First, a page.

In a few hours, we’ll be in our way. Porto via Amsterdam, then the long walk to Santiago de Compostela. A pilgrim route. And maybe a sort of pilgrimage, too, if not a religious one. A journey of discovery, and of celebration.

I don’t know what I hope to find. Some of it will have to do with places we stop and the people we meet along the way. Some of it will be things we learn about ourselves. Traveling reveals so much about the traveler.

The celebration is less uncertain. It has to do with my continuing life with Adele. We’ve known each other for 28 years, lived together for 27, been married for a little over 25. It amazes me that two people can be together so much and for so long, and still love each other.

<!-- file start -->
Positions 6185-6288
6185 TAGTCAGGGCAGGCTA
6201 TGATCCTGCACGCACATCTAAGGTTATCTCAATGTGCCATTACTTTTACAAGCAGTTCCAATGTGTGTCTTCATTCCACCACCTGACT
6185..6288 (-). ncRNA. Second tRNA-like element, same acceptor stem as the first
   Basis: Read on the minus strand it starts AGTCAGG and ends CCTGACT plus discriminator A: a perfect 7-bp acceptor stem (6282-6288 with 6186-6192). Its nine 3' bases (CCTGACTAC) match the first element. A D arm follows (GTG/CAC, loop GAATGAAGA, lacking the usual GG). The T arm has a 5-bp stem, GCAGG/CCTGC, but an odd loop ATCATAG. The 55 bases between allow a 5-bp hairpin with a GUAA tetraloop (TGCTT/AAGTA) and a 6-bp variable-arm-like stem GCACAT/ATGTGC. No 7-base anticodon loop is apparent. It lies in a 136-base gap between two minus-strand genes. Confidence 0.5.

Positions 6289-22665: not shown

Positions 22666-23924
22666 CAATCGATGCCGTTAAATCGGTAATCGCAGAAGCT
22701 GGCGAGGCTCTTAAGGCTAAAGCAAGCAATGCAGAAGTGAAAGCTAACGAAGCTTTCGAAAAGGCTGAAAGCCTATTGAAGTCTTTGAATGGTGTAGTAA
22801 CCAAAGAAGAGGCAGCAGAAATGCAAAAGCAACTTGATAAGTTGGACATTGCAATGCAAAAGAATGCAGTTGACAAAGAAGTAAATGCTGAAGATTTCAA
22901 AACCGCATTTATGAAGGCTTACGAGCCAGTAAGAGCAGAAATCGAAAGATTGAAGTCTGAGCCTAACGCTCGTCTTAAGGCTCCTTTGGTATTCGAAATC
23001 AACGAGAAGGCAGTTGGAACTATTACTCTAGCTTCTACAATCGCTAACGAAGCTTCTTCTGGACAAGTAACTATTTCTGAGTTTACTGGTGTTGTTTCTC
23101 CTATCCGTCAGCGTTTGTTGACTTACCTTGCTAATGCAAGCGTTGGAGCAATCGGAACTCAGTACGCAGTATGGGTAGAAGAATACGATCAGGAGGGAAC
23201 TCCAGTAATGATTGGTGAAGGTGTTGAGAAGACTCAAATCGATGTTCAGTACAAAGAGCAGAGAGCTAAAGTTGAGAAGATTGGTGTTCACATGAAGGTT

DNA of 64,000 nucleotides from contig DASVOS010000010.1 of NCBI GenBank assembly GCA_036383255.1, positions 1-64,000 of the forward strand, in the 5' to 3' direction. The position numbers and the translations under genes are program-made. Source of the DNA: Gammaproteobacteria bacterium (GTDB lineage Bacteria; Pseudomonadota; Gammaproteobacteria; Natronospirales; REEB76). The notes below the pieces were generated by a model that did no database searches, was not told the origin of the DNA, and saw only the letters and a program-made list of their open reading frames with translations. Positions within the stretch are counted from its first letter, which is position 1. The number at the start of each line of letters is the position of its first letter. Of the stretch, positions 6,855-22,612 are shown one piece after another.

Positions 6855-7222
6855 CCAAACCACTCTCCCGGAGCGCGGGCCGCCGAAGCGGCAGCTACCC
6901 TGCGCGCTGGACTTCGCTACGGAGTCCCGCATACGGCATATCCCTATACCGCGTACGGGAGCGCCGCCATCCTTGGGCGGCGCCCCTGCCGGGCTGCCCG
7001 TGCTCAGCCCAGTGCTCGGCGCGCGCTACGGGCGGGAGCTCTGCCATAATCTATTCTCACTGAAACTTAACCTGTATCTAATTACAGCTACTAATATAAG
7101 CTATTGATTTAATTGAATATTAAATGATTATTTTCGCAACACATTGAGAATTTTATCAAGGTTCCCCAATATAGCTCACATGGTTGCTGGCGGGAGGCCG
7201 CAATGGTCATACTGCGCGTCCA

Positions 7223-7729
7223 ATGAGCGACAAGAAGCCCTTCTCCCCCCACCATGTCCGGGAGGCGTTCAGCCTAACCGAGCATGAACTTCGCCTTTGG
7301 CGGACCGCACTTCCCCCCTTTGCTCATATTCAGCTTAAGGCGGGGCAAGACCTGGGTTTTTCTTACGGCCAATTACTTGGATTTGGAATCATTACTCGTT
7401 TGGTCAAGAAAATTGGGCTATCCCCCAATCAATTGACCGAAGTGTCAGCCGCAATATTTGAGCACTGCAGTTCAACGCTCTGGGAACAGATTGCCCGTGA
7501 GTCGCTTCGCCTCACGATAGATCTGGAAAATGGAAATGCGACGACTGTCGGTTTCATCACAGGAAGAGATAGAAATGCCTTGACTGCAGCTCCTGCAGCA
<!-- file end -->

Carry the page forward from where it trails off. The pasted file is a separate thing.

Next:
It often felt as though we’d never get to this day. There were so many months between the first idea of this journey and this moment. So many things we had to do to prepare. So many tasks that had nothing to do with it, but that we’ve had to do before going: at work, at home. Life seems always to get in its own way.

But here we are, finally, at the starting line: ready and set, and waiting to go.


As I’ve mentioned before, I’m not a religious person. I don’t believe in gods or spirits that are disconnected from bodies, or souls that survive after a person dies. I believe we are physical beings, with an all too finite span of existence, and that what many people call a soul is really just a part of mind or personality. Of course, I could easily be wrong about this, as is the case with any belief, but I haven’t seen any evidence or argument that has convinced me that I’m in error.